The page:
Article. Brian Lowery, OSA. Reflections on some “spontaneous” prayers in the Confessions of St. Augustine.

One of the more immediately striking features of the Confessions of St. Augustine to the modern reader is the fact that they are addressed to God and not to him or her. You see it in Augustine’s constant use of the word “you”, “tu”, “tibi” referring to God and not to us. There are a few exceptions where the reader is addressed, if only indirectly, for example, when Augustine requests prayers for his deceased parents (IX,13,37) or when he tells us not to scorn him as he relates to us his errors, saying that the same physician who healed him then could be applying preventive medicine to us now (II,7,15). However, even these statements go through God before arriving at us.

This is the reason God seems so close when you read the Confessions. Something is happening on those pages. God and Augustine are in conversation. It’s not like someone telling us interesting things about self and God. It is prayer going on right before our very eyes, and we are let in on it.

We can sense two directions in the conversation. First, Augustine is speaking to God. He speaks about many things: his childhood, his young manhood; his joys, his sorrows, his failures and sins, his discoveries, his liberation. In the second God is speaking to Augustine. In particular, God is moving Augustine to prayer. This is readily discernible in moments of what seem like spontaneous outbursts in scattered places of the book. In these passages Augustine changes tense: from the past, where he tells us of what once happened, to the present where he breaks into prayer then and there as if stirred directly by God. A good example is found in Book VII. In the midst of telling us about his first inner experience of God after being enlightened by the Neo-Platonists, he comes out with the prayer:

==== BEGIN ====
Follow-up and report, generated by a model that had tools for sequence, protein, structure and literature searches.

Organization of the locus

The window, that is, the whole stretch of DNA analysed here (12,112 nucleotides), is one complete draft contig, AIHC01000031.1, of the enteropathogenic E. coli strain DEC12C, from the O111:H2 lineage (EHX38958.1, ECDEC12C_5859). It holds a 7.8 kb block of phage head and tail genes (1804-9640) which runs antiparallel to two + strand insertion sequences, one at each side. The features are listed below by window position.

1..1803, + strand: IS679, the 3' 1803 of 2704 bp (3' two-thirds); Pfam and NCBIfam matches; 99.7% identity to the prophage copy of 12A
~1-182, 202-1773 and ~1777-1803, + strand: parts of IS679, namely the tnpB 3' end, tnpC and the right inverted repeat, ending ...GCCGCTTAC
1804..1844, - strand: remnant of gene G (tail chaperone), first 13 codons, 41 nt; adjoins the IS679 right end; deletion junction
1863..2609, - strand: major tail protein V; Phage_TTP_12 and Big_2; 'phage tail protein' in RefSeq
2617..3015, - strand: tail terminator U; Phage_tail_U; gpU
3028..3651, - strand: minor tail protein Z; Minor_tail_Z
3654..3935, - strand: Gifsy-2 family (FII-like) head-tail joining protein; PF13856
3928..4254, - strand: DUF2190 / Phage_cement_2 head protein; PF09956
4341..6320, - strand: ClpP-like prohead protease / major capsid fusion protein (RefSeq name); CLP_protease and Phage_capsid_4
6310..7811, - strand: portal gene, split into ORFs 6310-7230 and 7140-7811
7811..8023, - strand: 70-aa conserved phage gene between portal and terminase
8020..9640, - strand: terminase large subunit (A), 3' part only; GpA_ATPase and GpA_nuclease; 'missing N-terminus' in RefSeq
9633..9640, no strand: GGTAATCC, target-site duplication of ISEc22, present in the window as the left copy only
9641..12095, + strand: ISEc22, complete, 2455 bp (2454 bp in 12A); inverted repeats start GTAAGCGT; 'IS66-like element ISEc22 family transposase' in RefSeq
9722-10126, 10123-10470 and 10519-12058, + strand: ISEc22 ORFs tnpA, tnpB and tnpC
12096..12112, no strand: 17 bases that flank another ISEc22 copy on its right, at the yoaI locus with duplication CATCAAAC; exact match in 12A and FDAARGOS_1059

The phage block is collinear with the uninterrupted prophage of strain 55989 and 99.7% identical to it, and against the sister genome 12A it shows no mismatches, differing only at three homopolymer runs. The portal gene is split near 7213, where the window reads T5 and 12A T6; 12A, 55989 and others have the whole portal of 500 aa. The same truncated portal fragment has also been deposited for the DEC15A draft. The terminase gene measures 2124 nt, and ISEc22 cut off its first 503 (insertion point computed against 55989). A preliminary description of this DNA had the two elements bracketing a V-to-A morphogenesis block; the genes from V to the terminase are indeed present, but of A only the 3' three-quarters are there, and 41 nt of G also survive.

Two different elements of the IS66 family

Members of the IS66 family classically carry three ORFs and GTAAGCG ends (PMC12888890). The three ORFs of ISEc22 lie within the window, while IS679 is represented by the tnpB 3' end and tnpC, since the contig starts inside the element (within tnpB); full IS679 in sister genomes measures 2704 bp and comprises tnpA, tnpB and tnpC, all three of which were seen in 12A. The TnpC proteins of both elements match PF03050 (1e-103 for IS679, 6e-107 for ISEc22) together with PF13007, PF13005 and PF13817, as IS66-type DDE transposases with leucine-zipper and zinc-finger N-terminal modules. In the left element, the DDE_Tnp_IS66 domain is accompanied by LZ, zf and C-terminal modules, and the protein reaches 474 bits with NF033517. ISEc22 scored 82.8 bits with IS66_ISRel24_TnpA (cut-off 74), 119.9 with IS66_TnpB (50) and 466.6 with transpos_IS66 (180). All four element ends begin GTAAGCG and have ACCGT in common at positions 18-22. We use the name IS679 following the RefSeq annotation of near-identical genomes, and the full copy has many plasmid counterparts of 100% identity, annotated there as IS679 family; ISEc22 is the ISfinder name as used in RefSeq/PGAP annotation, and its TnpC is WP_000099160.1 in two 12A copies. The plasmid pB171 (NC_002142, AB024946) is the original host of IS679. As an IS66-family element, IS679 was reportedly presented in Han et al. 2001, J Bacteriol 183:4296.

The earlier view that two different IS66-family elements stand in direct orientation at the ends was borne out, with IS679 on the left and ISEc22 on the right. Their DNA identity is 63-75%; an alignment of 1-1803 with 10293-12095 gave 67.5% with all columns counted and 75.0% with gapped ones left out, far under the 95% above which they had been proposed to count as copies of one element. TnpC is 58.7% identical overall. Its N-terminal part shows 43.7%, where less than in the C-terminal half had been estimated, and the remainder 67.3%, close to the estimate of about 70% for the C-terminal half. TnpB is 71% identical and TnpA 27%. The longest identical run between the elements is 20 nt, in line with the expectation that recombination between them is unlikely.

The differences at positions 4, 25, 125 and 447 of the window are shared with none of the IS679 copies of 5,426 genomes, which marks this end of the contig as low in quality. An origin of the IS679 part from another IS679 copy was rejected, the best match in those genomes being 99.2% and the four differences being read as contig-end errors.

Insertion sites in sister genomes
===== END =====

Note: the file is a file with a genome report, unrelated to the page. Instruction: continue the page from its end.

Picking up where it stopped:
O eternal truth and true love and beloved eternity! You are my God. I sigh to you by day and by night. (Confessions VII, 10, 16)

Were the prayers really spontaneous? At first glance it seems so. Some come at heightened moments in the story as if they were sudden responses to something vividly remembered. For the Confessions were just that: a return to the past to see where God had been all along the path to conversion. Augustine found God acting in the most surprising of places: in a book, in a person, in a sorrow, in a joy, in a mistake, in a quandary, in the things of creation. At certain moments during these reminiscences he goes beyond his usual pattern of narration and explodes into prayer. He overflows the brim, so to speak. These are some of the best moments of the Confessions.

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